Here’s a scenario: imagine you, A, are in a relationship with someone, B. You’ve been dating for a little while now and all you want to do is just to get closer to B and be more intimate—you want to know more about B and spend more time with them. Except, the trouble is that B always seems to get a bit distant when you try to get closer, there’s seemingly always an emotional wall that’s in the way, and they’re a bit reluctant to open up and be more vulnerable with you.
Sounds familiar? It’s a pretty popular trope in movies and television shows—take Carrie Bradshaw and Mr. Big as an example. We’ve probably all at some point experienced some kind of relationship like that, where A wears their heart on their sleeves and is wanting deeper emotional intimacy, and B wants more space and is reluctant to get too close. This is the tumultuous relationship between someone who is high in anxious attachment and someone who is high in avoidant attachment. But firstly, what are attachment styles?
The essence of attachment theory is that everyone has a system that keeps us close to our caregivers, partners, or close others, when coming across threats. Through our interactions with these people, we develop a guide to how to behave and what to expect in our relationships in different contexts—these guides are different for everyone depending on our own individual experiences. What’s important is that these expectations and behaviours are rooted in past experiences of intimate relationships, so they’re only really activated in relationship contexts. There are various dimensions of attachment, but I’ll only be focusing on the anxious and avoidant attachment styles in this column.
People who score highly on attachment anxiety are extremely invested in their relationships and they have a greater desire to experience closeness and security with their partners, but they worry that their partners don’t love them or that they’d scare their partners away with how close they want to get. On the other hand, people who score highly on attachment avoidance say they’re less invested in their relationships, and prefer to be independent because they’re uncomfortable with depending on people or letting people get too close as they find it hard to trust others.
You probably already get the gist of the relationship dynamic. It’s a turbulent one because A and B have completely opposite outlooks on relationships. So, the question you might have right now is why do they get into relationships together? Well, the thing is A and B might enjoy each other’s company at first precisely because of their differences. B doesn’t have to share or disclose much because A is doing the talking and self-disclosing. A likes this because B is listening and giving them attention, and they will put in more effort to keep this interest going so they don’t lose B. But the issue is that the amount of effort B puts into the relationship isn’t the same as A, and if A were to want more closeness to B, B may end up withdrawing. The only way to get B to come back is for A to dial it back a notch, but A can only do this with the reassurance from B that they’re not going to leave.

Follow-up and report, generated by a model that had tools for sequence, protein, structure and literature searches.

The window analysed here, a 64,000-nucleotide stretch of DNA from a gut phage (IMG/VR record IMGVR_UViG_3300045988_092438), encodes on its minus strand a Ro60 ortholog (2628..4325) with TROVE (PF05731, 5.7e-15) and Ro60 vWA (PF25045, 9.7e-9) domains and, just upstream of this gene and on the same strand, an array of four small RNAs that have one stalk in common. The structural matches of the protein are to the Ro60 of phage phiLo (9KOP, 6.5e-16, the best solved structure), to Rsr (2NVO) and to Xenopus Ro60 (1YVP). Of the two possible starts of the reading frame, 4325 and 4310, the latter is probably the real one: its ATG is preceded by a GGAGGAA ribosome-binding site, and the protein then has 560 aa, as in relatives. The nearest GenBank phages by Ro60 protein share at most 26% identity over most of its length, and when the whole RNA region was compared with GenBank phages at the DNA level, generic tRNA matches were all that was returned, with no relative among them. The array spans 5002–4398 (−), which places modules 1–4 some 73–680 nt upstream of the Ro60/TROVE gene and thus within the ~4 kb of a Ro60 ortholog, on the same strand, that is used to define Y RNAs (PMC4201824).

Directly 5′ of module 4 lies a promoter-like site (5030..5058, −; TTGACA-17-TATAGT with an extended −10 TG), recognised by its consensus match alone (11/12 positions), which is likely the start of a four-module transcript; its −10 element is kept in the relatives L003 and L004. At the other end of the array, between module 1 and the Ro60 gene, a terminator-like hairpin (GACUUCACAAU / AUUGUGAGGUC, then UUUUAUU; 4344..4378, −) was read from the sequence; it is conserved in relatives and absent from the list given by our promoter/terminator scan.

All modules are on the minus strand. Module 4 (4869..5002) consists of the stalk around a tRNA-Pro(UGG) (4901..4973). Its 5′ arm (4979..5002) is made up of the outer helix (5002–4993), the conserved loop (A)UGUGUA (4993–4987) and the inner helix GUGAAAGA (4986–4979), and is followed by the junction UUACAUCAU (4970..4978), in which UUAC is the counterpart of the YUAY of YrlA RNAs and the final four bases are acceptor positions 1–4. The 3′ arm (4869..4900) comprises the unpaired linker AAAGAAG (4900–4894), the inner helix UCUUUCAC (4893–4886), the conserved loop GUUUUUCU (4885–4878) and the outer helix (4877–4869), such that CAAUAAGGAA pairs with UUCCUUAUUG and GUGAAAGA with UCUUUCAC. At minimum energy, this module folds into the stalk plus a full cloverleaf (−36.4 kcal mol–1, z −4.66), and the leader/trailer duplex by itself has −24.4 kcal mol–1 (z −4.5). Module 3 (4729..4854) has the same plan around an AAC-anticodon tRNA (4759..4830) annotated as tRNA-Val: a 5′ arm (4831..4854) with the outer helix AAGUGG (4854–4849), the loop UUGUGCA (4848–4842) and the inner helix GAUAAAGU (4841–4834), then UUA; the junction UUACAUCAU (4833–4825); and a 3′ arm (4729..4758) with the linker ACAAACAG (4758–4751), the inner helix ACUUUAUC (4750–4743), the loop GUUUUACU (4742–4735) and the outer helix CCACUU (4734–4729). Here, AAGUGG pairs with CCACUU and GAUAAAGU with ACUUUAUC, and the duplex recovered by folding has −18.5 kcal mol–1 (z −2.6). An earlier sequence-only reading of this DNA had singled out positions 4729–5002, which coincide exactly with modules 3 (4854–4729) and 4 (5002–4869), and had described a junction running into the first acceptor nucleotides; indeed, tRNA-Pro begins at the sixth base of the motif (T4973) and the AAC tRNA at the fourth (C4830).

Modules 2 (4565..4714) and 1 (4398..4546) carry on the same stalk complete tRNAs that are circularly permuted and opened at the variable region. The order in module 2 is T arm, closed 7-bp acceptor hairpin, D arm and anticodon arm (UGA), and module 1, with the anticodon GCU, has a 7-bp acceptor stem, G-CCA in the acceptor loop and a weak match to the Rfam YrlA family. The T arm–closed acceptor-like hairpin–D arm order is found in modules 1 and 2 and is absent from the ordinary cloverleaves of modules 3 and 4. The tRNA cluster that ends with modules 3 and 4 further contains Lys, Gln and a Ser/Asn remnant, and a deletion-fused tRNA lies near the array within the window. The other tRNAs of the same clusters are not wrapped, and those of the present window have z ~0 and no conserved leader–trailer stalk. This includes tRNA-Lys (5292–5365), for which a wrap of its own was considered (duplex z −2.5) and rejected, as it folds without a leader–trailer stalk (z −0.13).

Unfortunately, people such as A actually like ‘the chase.’ Playing ‘hard to get’ heightens their need for closeness and security, which means they’ll continue pursuing closeness in the relationship. And when they finally get that closeness, it’s extremely rewarding, which makes this problematic because it’s misconstrued as a ‘high’ and so it can become an addictive pattern to fall into. This is similar to a point that I made in an earlier column, where I mentioned that if you’re someone who needs strong assurances that your partner is deeply committed to you and they won’t leave, you should ideally be after people who would give that to you and not the opposite. Obviously, that’s easier said than done—old habits die hard after all.
If you’ve been reading this and thinking that some of that sounds a lot like you, don’t worry (and don’t be too eager to self-diagnose!). Attachment styles are malleable and they shift depending on what your current partner is like with you. So, if you think you’re stuck being someone who’s always worrying if your partner loves you as much as you love them, that can change when you’re in the right company. Similarly though, if you’re with someone right now who’s making you feel more anxious or avoidant than normal when you’re in the relationship, it’s a good idea to re-evaluate and reconsider your relationship with them.